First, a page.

Opposite San Jacopo is one of the most perfect of the old Florentine towers remaining, which belonged to Barbadori family.  The inscription by one Sorbi, who placed the images in Luca della Robbia ware on the front, is modern.  In the piazza beyond is the Palazzo Frescobaldi, which belonged to a family who were among the most turbulent of the Florentine nobles.  Of German origin, they were all-powerful in Florence during the thirteenth and fourteenth centuries.  Messer Lamberto di Fresco di Baldo caused a wooden bridge to be thrown across the Arno near his house, which was called the SS. TrinitÓ, from the Church on the opposite bank.  This same Lamberto bore the banner of King Charles of Anjou at the battle of Campaldino.  The Frescobaldi were engaged in every battle of the Florentines, and gained great renown for their valour; but their domineering spirit awakened the jealousy of the citizens, and caused their exclusion from power in 1292, when, as already related, they called a meeting of nobles in San Jacopo sopr' Arno.  Their indignation was still further aroused by the banishment of Messer Teglia Frescobaldi in 1303, who, in revenge, allied himself with Castruccio Castracani,  Lord of Lucca, and endeavoured to seize on castles belonging to the Florentines.  The proscriptions which followed this act of treason were resented by the nobles in general, and Bardo dei Frescobaldi and Piero de Bardi conspired to overthrow the Government.  Their schemes were discovered, and they were driven from Florence, only to return with the Duke of Athens.  As the Frescobaldi afterwards joined the Bardi in another conspiracy to expel the Duke, they were for a time reconciled with the popular party; but the peace was of short duration, and the power of all the nobles was broken in the final discomfiture of the Bardi.  To the greater honour of this family, it is recorded that the completion of Dante's poem was due to Dino di Lambertuccio Frescobaldi.  Himself a poet, or "rhymer," and the friend of the great poet, Dino discovered and preserved the first seven cantos of the "Inferno," which Dante when sent into exile believed to have been lost; Dino sent them to him to the house of Moreollo Malaspina, in the Lunigiana, where Dante had taken refuge.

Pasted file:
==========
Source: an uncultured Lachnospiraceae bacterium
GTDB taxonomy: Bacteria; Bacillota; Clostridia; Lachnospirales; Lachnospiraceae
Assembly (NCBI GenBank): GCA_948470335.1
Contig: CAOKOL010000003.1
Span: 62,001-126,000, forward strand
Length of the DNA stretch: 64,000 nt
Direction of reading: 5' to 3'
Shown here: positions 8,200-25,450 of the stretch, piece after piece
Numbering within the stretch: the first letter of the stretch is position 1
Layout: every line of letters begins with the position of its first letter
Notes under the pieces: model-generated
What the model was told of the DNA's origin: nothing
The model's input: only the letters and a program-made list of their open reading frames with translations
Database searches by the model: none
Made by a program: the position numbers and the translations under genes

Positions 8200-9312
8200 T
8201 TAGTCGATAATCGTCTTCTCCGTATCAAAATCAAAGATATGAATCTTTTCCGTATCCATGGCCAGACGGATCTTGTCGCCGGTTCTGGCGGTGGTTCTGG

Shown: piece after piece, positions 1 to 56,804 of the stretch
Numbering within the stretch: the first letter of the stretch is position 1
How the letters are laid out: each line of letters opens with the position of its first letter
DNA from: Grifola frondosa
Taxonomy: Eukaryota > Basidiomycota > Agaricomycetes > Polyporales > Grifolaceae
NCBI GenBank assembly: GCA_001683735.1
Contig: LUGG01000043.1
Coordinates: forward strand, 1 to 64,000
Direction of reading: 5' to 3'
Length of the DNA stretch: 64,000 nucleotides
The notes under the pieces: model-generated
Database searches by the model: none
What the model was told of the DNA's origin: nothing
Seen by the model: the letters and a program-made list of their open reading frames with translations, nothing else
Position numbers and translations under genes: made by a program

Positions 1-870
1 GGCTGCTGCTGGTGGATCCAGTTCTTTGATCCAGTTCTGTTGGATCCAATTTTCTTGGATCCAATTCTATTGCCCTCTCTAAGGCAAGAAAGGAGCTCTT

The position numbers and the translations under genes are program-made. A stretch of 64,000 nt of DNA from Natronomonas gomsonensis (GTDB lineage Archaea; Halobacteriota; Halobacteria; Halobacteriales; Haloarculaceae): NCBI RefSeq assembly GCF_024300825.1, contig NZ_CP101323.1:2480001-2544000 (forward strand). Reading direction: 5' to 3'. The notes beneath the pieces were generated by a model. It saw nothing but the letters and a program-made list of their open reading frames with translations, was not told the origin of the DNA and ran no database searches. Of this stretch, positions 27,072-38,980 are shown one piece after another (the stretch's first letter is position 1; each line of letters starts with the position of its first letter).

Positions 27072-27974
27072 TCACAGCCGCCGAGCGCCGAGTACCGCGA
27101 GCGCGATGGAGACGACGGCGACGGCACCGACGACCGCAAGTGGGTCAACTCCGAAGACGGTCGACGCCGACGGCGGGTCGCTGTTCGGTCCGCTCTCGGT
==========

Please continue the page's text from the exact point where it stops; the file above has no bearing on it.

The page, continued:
On the opposite side of the Piazza Frescobaldi, and facing the river, is one of the numerous palazzi belonging to the Capponi family.  This palace was inhabited by Piero Capponi, already frequently mentioned for his heroic act in tearing to pieces a treaty destructive of Florentine liberty, and defying Charles VIII. of France to do his worst.  Piero was killed in a war with Pisa, 1496, and bequeathed a greater name than fortune to his sons Nicol˛ and Giuliano.  Nicol˛ was elected Gonfalonier amidst the rejoicings of the people, for the election of Nicol˛ Capponi was a signal for the restoration of order and the security of Florentine liberty.  After the people had confirmed the election of the new gonfalonier and Priors, a Franciscan and Dominican friar, according to custom, ascended the Ringhiera in front of the Palazzo della Signoria, carrying lighted torches, and followed by a canon of the Cathedral with the Gospels, to administer the oath to the new magistrates; after which ceremony the Signory, preceded by the trumpeters, walked in procession to the Baptistery to attend mass.  A general illumination took place in the evening, the fanali or lumieri at the corners of the great palaces blazing with fireworks.  The Mercato Nuovo, then an open space before the loggia was built, was cleared of its booths belonging to the silk merchants, and covered with an awning under which danced sixty youths and sixty maidens dressed in pearls and jewels; every maiden wore a garland of gold or silver, the manufacture of which made Ghirlandaio famous before he was more celebrated as a painter.  The youths and maidens did not dance together, but separately, and at every new dance they all appeared in new dresses, which amusement lasted the whole night.288